Butterflies and Buddleias
Buddleias (Buddleia) or buddlejas are commonly referred to as Butterfly Bushes due to their attractiveness to butterflies. The first variety of buddleia, Buddleia americana, was sent to England from the Caribbean in 1730. There are around 100 species and almost all of them are shrubs around sixteen feet tall. A few species qualify as trees with the largest ones reaching more than ninety feet. There are both deciduous and evergreen varieties, but all have leaves arranged in opposite pairs that are up to twelve inches long. The flowers grow in panicles from four to twenty inches. Individual flowers are small and tube-shaped with the corolla divided into four spreading petals. The flowers come in a variety of colors from shades of white, pink, and red to oranges and yellows. They are usually strongly scented due to being rich in nectar.
Plants in the buddleia genus are native to the southern United States down to Chile and also Africa and Asia. Since their introduction to Europe in the late 18th century, buddleias have become common garden shrubs and are staples to a modern butterfly garden. Some South American species have longer red flowers that are pollinated by humming birds. The most popular species is probably the Summer Lilac (Buddleia davidii) or Orange Eye, which originated in central China. It has an arching habit and grows to fifteen feet in height. The blooms are scented like honey and range from light purple to darker purple. It has become an invasive species in a number of countries and is considered a weed in Oregon and Washington. The Orange Ball Buddleia (Buddleia globosa) is another popular variety, native to Chile and Argentina. It is larger than the Summer Lilac and has deep-yellow to orange flowers, which are also heavily scented. It is relatively frost-hardy and is not invasive. In folk medicine, the Orange Ball Buddleia has healing properties. Another notable species is the Fountain Butterfly Bush (Buddleia alternifolia), which is a weeping variety. It originated in China like the Summer Lilac, but it was not introduced to Europe or North America until 1915 and since then it has become very popular in large gardens. When it is not flowering, it resembled a weeping willow due to its long pendulous stems. The flowers are a bright lavender and in very dense clusters. It flowers throughout summer and is very hardy, but prefers a sunny position and loamy soil. Unfortunately, it is less fragrant than the previously mentioned species.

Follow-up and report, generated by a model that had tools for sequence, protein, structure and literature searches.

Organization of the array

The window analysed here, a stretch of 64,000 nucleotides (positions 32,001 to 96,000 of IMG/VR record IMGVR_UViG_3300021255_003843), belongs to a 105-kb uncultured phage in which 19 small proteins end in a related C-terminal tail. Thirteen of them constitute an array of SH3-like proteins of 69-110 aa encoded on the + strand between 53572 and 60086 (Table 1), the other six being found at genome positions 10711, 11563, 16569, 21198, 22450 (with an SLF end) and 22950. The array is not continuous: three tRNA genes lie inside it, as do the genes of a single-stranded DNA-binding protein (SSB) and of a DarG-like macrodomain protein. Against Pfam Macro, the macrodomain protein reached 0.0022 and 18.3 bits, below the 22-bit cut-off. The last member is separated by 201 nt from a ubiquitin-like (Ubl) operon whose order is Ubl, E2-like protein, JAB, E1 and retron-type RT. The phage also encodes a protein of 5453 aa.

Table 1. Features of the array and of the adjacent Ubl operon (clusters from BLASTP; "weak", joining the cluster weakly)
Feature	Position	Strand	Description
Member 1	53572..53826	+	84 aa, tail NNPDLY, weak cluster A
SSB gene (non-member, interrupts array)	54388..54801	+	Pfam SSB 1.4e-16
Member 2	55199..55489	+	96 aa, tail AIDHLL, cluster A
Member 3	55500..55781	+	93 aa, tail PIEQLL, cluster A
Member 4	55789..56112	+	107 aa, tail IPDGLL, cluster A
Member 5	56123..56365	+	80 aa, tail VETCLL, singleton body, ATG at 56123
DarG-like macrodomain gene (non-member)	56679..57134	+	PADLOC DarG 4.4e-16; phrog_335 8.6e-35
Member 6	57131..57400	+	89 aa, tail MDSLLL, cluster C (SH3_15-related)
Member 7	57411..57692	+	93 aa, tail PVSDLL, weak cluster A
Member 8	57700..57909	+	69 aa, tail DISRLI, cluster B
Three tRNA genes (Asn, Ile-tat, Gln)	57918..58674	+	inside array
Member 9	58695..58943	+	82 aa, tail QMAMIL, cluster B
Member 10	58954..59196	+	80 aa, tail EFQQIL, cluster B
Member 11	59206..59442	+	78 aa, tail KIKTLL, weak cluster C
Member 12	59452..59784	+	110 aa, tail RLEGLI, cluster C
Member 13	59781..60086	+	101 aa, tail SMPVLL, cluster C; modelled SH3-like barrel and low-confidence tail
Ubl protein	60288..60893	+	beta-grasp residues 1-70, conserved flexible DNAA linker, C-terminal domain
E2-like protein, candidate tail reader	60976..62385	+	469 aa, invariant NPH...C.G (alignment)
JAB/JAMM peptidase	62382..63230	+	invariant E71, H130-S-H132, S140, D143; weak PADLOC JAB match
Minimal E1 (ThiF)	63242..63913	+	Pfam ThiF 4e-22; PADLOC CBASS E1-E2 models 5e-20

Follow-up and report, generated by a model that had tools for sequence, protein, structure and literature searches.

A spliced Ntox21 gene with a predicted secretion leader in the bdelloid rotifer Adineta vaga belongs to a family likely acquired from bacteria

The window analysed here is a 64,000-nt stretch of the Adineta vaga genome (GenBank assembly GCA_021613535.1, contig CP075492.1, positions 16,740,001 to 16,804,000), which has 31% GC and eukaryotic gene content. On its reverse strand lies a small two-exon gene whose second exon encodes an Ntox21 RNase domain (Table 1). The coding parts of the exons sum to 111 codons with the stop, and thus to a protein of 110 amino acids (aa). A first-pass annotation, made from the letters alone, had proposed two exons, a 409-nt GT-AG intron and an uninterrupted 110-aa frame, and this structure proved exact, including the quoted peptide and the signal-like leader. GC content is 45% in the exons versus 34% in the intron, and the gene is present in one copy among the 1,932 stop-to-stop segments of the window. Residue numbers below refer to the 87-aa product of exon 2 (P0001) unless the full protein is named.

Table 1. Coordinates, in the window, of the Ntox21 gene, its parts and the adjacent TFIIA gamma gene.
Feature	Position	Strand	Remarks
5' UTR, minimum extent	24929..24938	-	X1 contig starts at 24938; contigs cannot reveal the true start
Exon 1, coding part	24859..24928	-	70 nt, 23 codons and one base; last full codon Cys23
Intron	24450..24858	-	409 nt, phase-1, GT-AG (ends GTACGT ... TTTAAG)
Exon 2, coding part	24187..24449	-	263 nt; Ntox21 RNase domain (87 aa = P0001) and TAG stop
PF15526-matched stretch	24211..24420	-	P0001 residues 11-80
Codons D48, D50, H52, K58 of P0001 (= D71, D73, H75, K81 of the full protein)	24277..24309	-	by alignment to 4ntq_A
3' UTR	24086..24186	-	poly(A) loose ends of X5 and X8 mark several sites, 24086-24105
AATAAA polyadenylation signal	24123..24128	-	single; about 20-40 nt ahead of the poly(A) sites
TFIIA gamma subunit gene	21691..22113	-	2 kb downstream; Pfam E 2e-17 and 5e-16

In the wild, buddleias grow in rocky ravines, so they do not tolerate soils that retains too much water, especially in winter. They perform best in alkaline soil, but most varieties are otherwise very hardy. Faded flowers need to be deadheaded and they do need pruning, particularly the taller species. Pruning should occur in late-spring and never in the fall. They can be propagated from cuttings. The cuttings should be taken at the end of spring when the soft stems begin to harden. Seek out the newest looking shoots of about six inches in length and trim below the leaf node then snip the top. Insert the cuttings into a horticultural sand and compost mixture for the best results. They root quickly and then can be transplanted. The majority of buddleia varieties are most suited for USDA zones 5 through 10.